Q. What is it like to play a completely new piece of music?

A. Fantastic. Stressful, sometimes confusing, challenging (both physically and mentally at times) — it’s rewarding (especially) when a composer has your group’s character, strengths, expression and appreciation of the audiences we want to present their music to in mind, and that we can have a dialogue about the composer’s intentions.

Q. Did you know Jeffrey Ryan‘s work before Scar Tissue?

A. Roman and I first worked with Jeff Ryan when we were asked to play his string quartet, Quantum Mechanics for a concert as part of the Soundstreams series in Toronto. I recorded Bellatrix (the solo violin version) for Jeff. He wrote his triple concerto Equilateral for the Gryphon Trio and the Vancouver Symphony (on Naxos). Jeff also arranged Elemental (originally written for violin and percussion) for the trio. In recent years Jeff has written song cycles and orchestral pieces with vocal components so we knew that he enjoyed the challenge of working with words.


For a number of years Roman had been in discussions with an American scientist and friend Glenn Prestwich. Glenn loves to sing and also loves contemporary music. One of his main areas of research is scar tissue and he’s developed compounds that eliminate it in humans and animals. He and a friend started the Sounds of Science Commissioning Club a number of years ago in order to encourage composers to use scientific process as inspiration. We were looking for a composer who might be interested. 

It all came together when Roman and I were driving from Calgary to do some skiing near Banff. Roman thought of exploring the possibility of getting Jeff involved in the Sounds of Science venture and called him. He was interested. Who would write the words? Why not approach friend Michael Redhill? (Michael Redhill and Roman have known each other since before university. Michael wrote a story years ago that composer Omar Daniel set to music for the trio.) Before long all the required elements for a new work for six voices and trio, on a scientific theme, with words by Michael Redhill, fell in place.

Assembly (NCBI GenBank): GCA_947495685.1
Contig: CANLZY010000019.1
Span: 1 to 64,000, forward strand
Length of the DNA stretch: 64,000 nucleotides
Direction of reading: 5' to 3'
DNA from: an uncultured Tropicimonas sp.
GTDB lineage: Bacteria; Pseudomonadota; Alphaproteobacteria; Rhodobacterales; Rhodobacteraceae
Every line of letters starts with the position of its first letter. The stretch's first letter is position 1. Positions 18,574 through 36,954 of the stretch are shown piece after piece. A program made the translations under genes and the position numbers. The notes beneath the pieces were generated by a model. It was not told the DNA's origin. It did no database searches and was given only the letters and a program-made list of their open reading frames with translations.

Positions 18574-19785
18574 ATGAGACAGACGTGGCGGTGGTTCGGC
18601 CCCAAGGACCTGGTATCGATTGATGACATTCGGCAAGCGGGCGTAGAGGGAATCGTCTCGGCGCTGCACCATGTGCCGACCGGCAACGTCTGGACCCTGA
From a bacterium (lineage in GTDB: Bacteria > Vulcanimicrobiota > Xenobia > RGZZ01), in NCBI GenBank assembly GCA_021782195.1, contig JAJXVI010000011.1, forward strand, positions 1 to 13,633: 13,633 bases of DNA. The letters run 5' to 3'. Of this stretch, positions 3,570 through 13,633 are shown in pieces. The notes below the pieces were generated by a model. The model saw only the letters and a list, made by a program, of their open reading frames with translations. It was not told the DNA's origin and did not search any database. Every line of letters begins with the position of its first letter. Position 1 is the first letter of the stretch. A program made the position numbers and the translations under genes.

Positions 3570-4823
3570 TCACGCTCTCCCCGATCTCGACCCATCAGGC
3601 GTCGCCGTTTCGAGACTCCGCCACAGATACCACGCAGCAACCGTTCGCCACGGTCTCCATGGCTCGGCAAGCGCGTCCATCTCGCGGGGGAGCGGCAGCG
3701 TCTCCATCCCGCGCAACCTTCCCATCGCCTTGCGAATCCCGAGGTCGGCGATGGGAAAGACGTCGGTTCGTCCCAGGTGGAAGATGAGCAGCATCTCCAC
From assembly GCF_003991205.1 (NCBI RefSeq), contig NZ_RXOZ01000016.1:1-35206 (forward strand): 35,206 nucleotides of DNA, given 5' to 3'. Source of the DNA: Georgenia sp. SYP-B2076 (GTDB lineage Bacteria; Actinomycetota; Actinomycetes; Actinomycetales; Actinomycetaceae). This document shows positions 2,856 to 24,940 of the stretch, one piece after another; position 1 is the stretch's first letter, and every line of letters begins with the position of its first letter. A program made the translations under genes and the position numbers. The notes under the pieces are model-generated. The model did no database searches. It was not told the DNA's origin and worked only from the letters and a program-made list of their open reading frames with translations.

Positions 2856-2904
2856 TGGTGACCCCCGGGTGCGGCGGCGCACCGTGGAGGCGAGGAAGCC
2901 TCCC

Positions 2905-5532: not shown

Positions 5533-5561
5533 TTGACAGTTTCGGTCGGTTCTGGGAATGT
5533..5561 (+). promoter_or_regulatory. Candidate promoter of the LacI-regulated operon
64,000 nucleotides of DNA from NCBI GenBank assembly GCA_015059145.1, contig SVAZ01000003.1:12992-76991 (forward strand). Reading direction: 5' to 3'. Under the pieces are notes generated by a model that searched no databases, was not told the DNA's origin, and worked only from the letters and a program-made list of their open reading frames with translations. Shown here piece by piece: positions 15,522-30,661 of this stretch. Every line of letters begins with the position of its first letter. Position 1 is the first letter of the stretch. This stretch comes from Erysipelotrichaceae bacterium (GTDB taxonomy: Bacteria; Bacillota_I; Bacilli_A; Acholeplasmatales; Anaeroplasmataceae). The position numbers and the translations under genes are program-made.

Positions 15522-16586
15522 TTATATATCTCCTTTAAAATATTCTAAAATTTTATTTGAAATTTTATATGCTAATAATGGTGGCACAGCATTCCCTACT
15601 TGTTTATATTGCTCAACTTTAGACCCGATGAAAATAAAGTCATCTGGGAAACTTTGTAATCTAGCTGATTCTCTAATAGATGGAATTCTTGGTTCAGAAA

The project was produced in partnership with Chamber Factory, a grant from the Canada Council and private funding from the Sounds of Science Commissioning Club and a friend, Joyce Miller. We will be performing the piece in the U.S. and Norway next year. Nordic Voices are now planning to invite a major Norwegian composer and writer to create a second work that brings us all together in another way.

Q. How did the connection with Nordic Voices happen?

A. We were encouraged by our American manager to commission a new work for smaller vocal ensemble and trio. Roman considered various international groups and by hook and crook made his way to the Nordic Voices. We had the idea that we would combine our repertoires — they do early music and contemporary, we do core Classical and contemporary. It was a good mix.

Q. You rehearsed this piece in Norway. What was that like?

A. This was our first trip to Norway and it was our first time meeting the Nordic Voices. Loved it all. About two years ago Oslo decided to make its downtown core car-free (except for taxi/bus and delivery). You can walk everywhere. The facilities are all well conceived, well built and beautiful, and we could not have asked for a better rehearsal and performance venue to workshop the piece. We arrived in the evening and rehearsed all day so if I said it was dark most of the time when we had a chance to walk around, you will understand. 

It can be a challenge for nine people to perform together without a conductor. We all so appreciated having the workshop with Jeff present. We had time to try things and Jeff could then decide to make changes as needed.

Q. Have you worked with voices before in such a work?

A. The trio has commissioned Christos Hatzis, Larysa Kuzmenko and Eric Robertson to create works for larger choirs and trio and we love the blend. We’ve also worked with solo voices on Hatzis’ (opera) Constantinople. That eventually led to less traditional projects and CDs with Patricia O’Callaghan called Broken Hearts and Madmen and Moonshine Ballads and Other Charms. We’ve also commissioned and performed transcriptions of vocal work for bass baritone and have worked a lot with Robert Pomakov. Analekta has just released our latest CD called Immortal Beloved  which is our ode to Beethoven. It features two collaborations with Canadian baritone David Pike — Beethoven’s famous song cycle An die Ferne Geliebte (piano and voice) and James Wright’s Letters to the Immortal Beloved (voice and piano trio settings of letters found next to his bed) together with Beethoven’s Archduke Trio which he dedicated to his great friend and benefactor Archduke Rudolf. All that to say that we’ve worked with singers quite a lot over the years.  

Chamberfest presents the Gryphon Trio with Nordic Voices
Where: Dominion-Chalmers United Church
When: Feb. 1 at 7:30 p.m.
Tickets and information:

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Peter Robb began his connection with the arts community in Ottawa in the mid-1980s when he was the administrator and public relations director of the Great Canadian Theatre Company. After a long career in journalism with the Ottawa Citizen where he served in a number of different posts he returned to the arts when he became the Citizen's arts editor.